Hochschule Luzern - Musik, Abteilung Jazz

Picking Notes out of Thin Air?

2. Cultivating the Soloist's Skills:

Seeing Out a Bit: Expanding upon Early Influences

It all goes from imitation to assimilation to innovation. You move from the imitation stage to the assimilation stage when you take little bits of things from different people and weld them into an identifiable style - creating your own style. Once you've created your sound and you have a good sense of the history of the music, then you think of where the music hasn't gone and where it can go - and that's innovation. Walter Bishop Jr.

Discovering the Larger Jazz Tradition

To understand Tony Williams, you ought to know Philly Joe Jones and Sid Catlett. It's the same with drummers as with other instrumentalists. Unless you understand James P. Johnson and Fats Waller, you don't really understand Ahmad Jamal or Bud Powell, or Herbie Hancock. Kenny Washington

Creativity as the Act of Fusion and Transformation

If you hear something intriguing in somebody else's solo, the main thing is to find out how it works, to find out what's intriguing about it, and then to apply it differently in your own way. Benny Bailey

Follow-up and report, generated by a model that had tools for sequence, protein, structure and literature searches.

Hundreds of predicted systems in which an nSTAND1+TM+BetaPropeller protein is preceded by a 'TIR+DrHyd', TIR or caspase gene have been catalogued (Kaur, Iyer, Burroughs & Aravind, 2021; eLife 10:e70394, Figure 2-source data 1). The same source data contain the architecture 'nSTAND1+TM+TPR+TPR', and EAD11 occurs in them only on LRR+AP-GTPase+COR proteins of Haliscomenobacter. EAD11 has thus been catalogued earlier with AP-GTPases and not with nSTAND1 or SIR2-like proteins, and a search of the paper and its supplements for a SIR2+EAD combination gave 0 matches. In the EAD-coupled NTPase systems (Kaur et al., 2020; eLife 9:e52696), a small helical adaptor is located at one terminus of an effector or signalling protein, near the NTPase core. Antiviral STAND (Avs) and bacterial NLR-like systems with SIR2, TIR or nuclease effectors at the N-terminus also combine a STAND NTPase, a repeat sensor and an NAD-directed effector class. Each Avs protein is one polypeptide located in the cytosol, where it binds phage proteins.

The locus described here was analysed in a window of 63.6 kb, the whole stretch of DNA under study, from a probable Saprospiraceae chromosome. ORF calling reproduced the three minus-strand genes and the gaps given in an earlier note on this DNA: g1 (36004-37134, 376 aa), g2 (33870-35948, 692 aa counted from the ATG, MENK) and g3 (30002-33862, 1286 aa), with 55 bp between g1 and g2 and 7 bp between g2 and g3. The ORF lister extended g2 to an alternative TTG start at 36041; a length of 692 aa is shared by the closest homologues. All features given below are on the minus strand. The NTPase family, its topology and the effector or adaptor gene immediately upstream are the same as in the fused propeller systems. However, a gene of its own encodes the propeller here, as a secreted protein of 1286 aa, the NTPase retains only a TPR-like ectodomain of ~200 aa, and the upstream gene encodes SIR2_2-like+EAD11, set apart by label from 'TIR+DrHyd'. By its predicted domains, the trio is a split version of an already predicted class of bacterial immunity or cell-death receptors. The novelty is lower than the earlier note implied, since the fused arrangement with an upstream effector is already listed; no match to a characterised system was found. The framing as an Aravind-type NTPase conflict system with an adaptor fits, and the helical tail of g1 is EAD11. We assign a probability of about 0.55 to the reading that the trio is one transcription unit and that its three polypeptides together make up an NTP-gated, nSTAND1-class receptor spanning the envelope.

Applying Knowledge toward Original Invention

Without directly copying his melodic line, I tried to get the feeling of the line, the phrasing, which allowed me to understand how Trane was talking when he played. What I wanted was the form, the basket that he was using, but the contents I wanted to fill myself. I knew that I had something to say, and I wanted to deal with that. So what I copied was the way John constructed his phrases and their rhythmical base, the stems without the notes, and I put my own notes and harmony - the things I thought about - on top of it. Arthur Rhames

Even if I didn't sound as good as the people I copied when I made up my own things, at least I was starting to express myself, and that was the most satisfying thing for me at that point.

You hear another guy play and say to yourself, "Man, listen to that! I wish I could play that good." then you hear somebody else and you say the same thing. Then comes a time when you realize that the first guy can't do what the second guy can and the second guy can't do what the first guy can. That makes you feel a little better when you know that. Well, then, when you come to find out you can do things both of them other guys can't do, you discover that ain't got anything to do with who's good and who isn't. It's just that everybody puts his own personal style to the music. Of course, if he doesn't, then he just ain't a musician. Eubie Blake

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